In nature and in business, the most common structure is for an organism or an organisation to be centralised. Spiders, and a traditional bank, are amongst the obvious examples. Centralised organisms and organisations feel the pain of attack on the main unit, for example, by the removal of food (in nature) or funding (in enterprise).

An alternative structure is one of decentralisation.

In these organisms and organisations, there is no main unit as the vital organs are distributed throughout the entire structure. Starfish are amongst the obvious examples in nature. Organisations such as Wikipedia, Craigslist and al Qaeda, are others.

Such decentralised structures handle attack in a totally different way from centralised ones. After all, if you chop off the head of a spider, it dies. Whereas if you chop off a leg of a starfish, it grows another leg – and the chopped leg grows into another starfish.

The news of the death of Osama Bin Laden, triggered me to refer to the work of Brafman and Beckstrom, authors of the vital transcript ‘The Starfish and the Spider’(*). In this book, they allude to moments in history that exemplify centralised versus decentralised structures. One example starts with the Aztecs.

In 1519 an explorer named Hernando Cortes stared in disbelief at the Aztec metropolis Tenochtitlan. Expecting to see savages, instead he saw an organised and civilised community. Cortes witnessed a developed system of highways, ingeniously constructed aqueducts, spectacularly ornate temples, and mystically intriguing pyramids.

He also saw gold. Everywhere.

Cortes arranged a meeting with Montezuma II, the leader of the Aztecs. His conversation was not a friendly one – it was a monologue that could be summed up with “Give me your gold, or I will destroy you”.

Montezuma believed that Cortes might be a deity and decided to yield his vast resources. Shortly after that, Cortes repaid Montezuma’s trust and submission by killing him, placing the city under siege, and cutting off its food and water supplies. Within 80 days 240,000 were dead – within 2 years, the entire civilisation had collapsed.

Less than a decade later an explorer named Francisco Pizarro captured and killed the leader of the Incas, Atahuallpa. They, too, were plundered, and within two years the society became an historical footnote.

Over a century later the conquering Spanish headed to the deserts of modern day New Mexico to force a Christian conversion upon the natives there. They would make them Catholics – they would transform them from hunters into farmers.

The primitive people were the Apaches. The Apaches had nothing – except their way of life. No highway system. No permanent towns or cities. No pyramids. No gold. All that was valued was stored under their dark skin – in their immense souls.

For two centuries the Apache battled the Spanish tooth and nail. The wild people of the deserts persevered and prevailed against the Spanish. Why? Because every one of them fought from a spiritual compulsion, rather than the command-and-control coercion of officers and strategy.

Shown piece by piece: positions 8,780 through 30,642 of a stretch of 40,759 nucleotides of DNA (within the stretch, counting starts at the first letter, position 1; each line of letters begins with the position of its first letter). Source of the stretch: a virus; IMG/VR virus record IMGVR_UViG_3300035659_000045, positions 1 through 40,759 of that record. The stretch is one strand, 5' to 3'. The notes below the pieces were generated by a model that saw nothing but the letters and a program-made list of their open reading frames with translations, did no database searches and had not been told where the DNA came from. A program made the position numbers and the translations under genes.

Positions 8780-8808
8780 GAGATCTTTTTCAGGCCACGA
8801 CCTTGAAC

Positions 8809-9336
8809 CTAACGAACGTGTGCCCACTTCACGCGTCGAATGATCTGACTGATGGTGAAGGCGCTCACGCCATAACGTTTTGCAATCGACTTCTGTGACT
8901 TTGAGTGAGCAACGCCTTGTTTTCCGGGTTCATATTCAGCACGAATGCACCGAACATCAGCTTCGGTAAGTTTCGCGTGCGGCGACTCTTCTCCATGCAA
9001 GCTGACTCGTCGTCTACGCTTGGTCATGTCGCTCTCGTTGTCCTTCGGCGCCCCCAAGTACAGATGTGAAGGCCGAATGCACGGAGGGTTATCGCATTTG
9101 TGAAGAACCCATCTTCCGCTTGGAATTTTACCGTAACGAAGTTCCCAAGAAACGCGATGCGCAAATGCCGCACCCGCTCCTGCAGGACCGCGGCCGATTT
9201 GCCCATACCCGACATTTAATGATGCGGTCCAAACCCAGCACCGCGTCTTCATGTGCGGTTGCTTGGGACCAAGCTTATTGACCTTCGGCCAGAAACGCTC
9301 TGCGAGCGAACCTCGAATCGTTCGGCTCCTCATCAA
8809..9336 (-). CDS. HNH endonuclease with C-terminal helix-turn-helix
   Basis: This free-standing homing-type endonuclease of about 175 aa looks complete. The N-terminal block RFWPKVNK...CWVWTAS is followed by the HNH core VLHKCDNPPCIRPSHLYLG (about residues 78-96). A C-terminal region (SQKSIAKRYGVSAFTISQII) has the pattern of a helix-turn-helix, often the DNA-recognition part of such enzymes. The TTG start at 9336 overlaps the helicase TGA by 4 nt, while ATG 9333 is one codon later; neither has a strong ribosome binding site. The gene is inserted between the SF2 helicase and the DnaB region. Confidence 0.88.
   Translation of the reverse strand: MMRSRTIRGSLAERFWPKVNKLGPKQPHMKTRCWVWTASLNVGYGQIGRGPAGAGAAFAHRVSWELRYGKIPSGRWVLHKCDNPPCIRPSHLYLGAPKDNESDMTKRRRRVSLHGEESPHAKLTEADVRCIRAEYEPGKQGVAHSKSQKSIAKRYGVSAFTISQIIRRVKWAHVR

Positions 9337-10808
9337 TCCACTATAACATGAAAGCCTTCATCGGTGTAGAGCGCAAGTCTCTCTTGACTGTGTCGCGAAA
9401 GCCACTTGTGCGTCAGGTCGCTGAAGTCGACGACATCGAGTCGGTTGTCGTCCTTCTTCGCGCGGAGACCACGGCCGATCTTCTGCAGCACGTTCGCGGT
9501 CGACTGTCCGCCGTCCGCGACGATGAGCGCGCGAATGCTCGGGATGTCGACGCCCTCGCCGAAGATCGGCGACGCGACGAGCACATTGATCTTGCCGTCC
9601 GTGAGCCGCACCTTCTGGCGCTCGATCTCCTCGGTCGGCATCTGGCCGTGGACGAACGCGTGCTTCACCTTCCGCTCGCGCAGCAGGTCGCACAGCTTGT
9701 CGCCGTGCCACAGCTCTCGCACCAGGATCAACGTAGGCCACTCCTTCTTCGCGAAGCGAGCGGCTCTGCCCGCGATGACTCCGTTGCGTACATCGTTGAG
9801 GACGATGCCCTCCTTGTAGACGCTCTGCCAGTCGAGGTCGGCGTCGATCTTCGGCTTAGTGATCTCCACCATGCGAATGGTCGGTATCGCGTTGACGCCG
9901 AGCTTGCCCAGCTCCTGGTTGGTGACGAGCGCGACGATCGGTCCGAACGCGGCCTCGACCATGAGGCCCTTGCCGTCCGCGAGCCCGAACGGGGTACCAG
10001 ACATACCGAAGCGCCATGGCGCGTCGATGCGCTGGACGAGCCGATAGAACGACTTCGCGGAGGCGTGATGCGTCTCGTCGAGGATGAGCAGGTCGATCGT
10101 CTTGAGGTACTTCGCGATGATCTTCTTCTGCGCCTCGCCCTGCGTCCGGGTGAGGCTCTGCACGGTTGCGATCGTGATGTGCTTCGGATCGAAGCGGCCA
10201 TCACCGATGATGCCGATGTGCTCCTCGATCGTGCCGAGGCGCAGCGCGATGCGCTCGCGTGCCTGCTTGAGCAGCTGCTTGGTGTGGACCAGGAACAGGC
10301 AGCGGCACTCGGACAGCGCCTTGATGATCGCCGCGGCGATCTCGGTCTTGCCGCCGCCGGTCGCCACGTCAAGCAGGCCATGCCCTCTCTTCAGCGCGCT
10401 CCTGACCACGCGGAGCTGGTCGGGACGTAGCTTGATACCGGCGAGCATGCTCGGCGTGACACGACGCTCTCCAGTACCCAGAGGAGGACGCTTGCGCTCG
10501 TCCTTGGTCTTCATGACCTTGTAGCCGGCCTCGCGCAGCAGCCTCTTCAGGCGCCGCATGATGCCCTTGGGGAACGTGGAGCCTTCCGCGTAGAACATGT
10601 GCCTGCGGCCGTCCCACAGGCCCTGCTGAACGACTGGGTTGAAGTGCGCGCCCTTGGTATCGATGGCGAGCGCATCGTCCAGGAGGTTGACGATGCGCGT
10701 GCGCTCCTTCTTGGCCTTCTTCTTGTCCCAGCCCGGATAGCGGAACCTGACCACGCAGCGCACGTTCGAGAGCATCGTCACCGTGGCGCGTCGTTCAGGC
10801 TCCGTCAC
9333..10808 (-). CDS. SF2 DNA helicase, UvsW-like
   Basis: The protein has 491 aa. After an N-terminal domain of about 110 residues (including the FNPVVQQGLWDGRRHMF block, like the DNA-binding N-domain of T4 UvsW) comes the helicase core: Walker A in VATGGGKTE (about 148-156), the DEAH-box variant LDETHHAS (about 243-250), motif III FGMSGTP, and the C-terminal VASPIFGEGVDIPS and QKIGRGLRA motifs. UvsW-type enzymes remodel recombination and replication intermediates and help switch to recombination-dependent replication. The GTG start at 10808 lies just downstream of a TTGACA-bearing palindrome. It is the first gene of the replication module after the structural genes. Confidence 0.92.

The Apache had no appointed chief or army commander, but they did have the Nant’an.

A Nant’an was a spiritual leader who led by example – not by coercion. Warriors fearlessly followed the Nant’an. Nant’ans lived, fought, and died alongside those they led. When one was killed, another seemed to incarnate the spirit of the fallen and press the fight forward. Inspired. Courageous. They resisted. Not because they had to, but because they wanted to.

The Apache have no word or concept for the phrase “you should”.

Not one of those proud Native Americans had to follow their larger-than-life leaders. Neither Geronimo nor Cochise roared “you should”, “you must” or “follow me”.

Apaches were empowered to choose against whom, and if, they would make war.

When the Spanish killed a Nant’an, a new one would take his place. Like Agent Smith in The Matrix.(**)

When they burned a village, the Apache became nomadic.

The more they were attacked, the more decentralised and resilient the Apache became.

The Apaches won because of their decentralised structure, based on deep relationships, in the absence of leadership, hierarchy and rules. This deep affinity with one another was the primary tool of this insurgency.

Then it all went wrong…

The Americans (of European descent) entered the picture. They too found it impossible to defeat the Apaches. Until, that is, they decided to give them some land and a few cattle. Within a few years the Apache society had fallen apart.

You may question why land and cattle would trigger such destruction of something so decentralised and resilient. And rightly so. In fact, I attest that these lessons are critical to humanity, not just in a political sense of rulership, but also at a sociological level of understanding. Especially in the context of recent events.

It turns out, there are three ways of destroying decentralised structures.

1. Change the participants’ ideology by showing them another, better, way

2. Centralise them by giving them constructs in which greed is built

3. Decentralise yourself

This particular piece is not intended for a full exploration of how the above three points can take shape – but evidently, the Apaches were destroyed by the second method.

In light of the Osama Bin Laden events, and without attempting some political advisory role, or religious bias, I would say this:

1. It would be wise to view the horrific, terrorist acts as manifestations of decentralised, asymmetric warfare

2. It would not be as wise to view this horror as removable, nor reconcilable, by the murder of one man

3. It would be wise to rapidly strategise, distribute, and execute a counteractive plan that takes into extreme context, the very nature of the structural elements involved in the challenge

4. It would not be as wise to celebrate a temporary passing as outright victory, with all respect to lives lost forthwith

As a pacifist and humanitarian, my personal belief is that the demise of others is not an acceptable way of promoting a singular cause. Thus, I give this free advice based on bias toward a more harmonious world, rather than one of conflict.